June 2013 Weather and Its Impacts on Missouri
Commercial Agriculture/University of Missouri Extension
The cool spring weather began transitioning toward a more seasonable summer-like pattern during June, with below normal temperatures at the beginning of the month climbing to near to above normal conditions for much of the rest of the month, Figure 1. Preliminary temperature data for the state indicate a statewide average June temperature of 73.1°F, or 0.1° above the long-term average. It was the 9th consecutive June averaging warmer than normal, with the last cooler than normal June occurring in 2004, Figure 2. Some record low temperatures were established early in the month when Joplin and St. Joseph dropped to 45 and 44°F, respectively, on June 3rd and Kansas City dipped to 46°F on the 4th. Rolla set a minimum temperature record of 48°F on June 8th.
Monthly precipitation was variable across Missouri, but the statewide average was 4.71 inches, or 0.04" above the long-term average. Due to the localized nature of convective activity, precipitation disparities were profound across the state. Regionally, the highest precipitation totals were confined to east central and southeastern sections. Another area of heavier rainfall extended from a 100-mile wide corridor centered in Vernon County, in southwestern Missouri, to Shannon County, in south central sections. Most locations across the northern half of the state received 2-4 inches, whereas the southern half reported 4-6 inches. There were notable exceptions, however.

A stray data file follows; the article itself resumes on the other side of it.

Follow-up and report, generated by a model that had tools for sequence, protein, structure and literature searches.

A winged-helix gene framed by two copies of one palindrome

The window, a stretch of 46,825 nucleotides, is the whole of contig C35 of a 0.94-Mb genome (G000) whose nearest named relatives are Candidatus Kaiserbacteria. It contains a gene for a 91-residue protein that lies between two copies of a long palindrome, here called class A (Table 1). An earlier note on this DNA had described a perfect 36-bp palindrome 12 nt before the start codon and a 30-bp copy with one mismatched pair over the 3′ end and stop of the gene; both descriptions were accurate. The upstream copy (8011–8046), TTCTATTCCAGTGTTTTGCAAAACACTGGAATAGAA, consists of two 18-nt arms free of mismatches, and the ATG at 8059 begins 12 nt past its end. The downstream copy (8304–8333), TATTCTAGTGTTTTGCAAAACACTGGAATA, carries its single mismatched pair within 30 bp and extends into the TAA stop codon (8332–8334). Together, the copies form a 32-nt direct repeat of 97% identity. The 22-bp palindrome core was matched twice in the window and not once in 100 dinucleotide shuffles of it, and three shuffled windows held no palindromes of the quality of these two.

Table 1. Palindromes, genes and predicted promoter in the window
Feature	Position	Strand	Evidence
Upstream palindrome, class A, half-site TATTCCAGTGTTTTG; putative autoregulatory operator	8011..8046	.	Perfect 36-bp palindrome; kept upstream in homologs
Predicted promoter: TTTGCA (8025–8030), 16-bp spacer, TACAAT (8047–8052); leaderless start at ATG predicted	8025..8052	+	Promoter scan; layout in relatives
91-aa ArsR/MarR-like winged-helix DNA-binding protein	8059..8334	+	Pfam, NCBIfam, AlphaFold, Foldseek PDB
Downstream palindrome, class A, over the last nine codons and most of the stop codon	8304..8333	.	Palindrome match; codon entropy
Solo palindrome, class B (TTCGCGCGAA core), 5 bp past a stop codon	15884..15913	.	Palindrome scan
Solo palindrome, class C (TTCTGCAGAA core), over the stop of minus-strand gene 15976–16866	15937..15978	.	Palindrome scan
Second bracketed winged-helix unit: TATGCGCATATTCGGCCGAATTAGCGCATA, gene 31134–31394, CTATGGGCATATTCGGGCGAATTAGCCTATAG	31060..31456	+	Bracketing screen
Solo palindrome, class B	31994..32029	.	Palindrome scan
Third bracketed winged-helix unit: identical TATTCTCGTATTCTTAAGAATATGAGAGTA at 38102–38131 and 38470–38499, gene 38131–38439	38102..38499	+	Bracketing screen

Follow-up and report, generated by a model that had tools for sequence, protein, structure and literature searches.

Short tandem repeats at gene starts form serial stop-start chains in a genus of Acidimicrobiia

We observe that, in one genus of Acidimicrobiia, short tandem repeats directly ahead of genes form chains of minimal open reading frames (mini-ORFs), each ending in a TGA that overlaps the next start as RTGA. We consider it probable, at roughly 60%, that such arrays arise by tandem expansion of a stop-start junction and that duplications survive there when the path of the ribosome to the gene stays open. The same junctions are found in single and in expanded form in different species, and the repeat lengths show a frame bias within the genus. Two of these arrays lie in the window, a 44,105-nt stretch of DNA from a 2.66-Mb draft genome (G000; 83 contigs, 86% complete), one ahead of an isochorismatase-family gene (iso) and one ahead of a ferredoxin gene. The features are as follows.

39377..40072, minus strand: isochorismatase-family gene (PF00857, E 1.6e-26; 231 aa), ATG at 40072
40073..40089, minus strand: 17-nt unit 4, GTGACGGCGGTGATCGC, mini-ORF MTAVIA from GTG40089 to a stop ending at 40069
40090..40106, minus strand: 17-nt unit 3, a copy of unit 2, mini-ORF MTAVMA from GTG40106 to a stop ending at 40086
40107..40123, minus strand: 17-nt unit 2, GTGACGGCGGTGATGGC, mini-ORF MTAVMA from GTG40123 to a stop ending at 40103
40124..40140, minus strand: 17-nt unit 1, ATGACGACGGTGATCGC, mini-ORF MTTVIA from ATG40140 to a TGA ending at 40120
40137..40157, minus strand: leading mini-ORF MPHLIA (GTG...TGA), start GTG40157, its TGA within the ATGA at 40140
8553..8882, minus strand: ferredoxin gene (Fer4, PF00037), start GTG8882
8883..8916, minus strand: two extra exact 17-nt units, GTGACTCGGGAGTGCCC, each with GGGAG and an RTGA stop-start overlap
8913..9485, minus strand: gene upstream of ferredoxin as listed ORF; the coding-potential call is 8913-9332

Some of the highest rainfall totals were in Barton, Dade and Greene counties where CoCoRaHS observers reported 10.17, 10.36 and 12.68 inches, respectively. Ironically, driest conditions were also reported in southwestern Missouri, where observers in Stone, Barry and Taney counties reported 1.35, 1.28 and 0.75 inches for the month. As of July 2, there was no official drought designation in the state, Figure 3, but conditions were getting dry in pockets of central Missouri and extreme southwestern sections.
A highly localized and unusual extreme precipitation event impacted portions of southwestern Missouri during the morning and early afternoon hours of June 15. Slow-moving, training thunderstorms developed along an outflow boundary just south of Springfield and dropped intense and extreme rainfall totals ranging from 6-9 inches. Flash flooding quickly emerged across parts of southern Greene County and northern Christian County, with inundated roads and numerous high water rescues reported. The Springfield National Weather Service office issued a flash flood emergency for parts of south Springfield due to the extreme flooding. Intense thunderstorms also dropped heavy rainfall over portions of Jasper and Barton counties during this time, resulting in localized flash flooding.
Severe thunderstorms developed in eastern Kansas late in the evening of June 27 and impacted the Kansas City metropolitan area before sweeping southeastward into parts of west central and south central Missouri during the early a.m. hours of the 28th. There were numerous reports of tree, power line and property damage due to winds gusting between 50 and 70 mph.
According to the Missouri Agricultural Statistics Service, by the end of June crop conditions had improved with warmer weather and scattered showers. Fifty-nine percent of the corn and soybean crop were reported to be in good to excellent condition. More than 90% of the topsoil and subsoil moisture conditions were reported to be in adequate to surplus condition and 76% of the pastures were in good to excellent condition. Hay and stock water supplies were sufficient where 86% and 99%, respectively, were in adequate to surplus condition.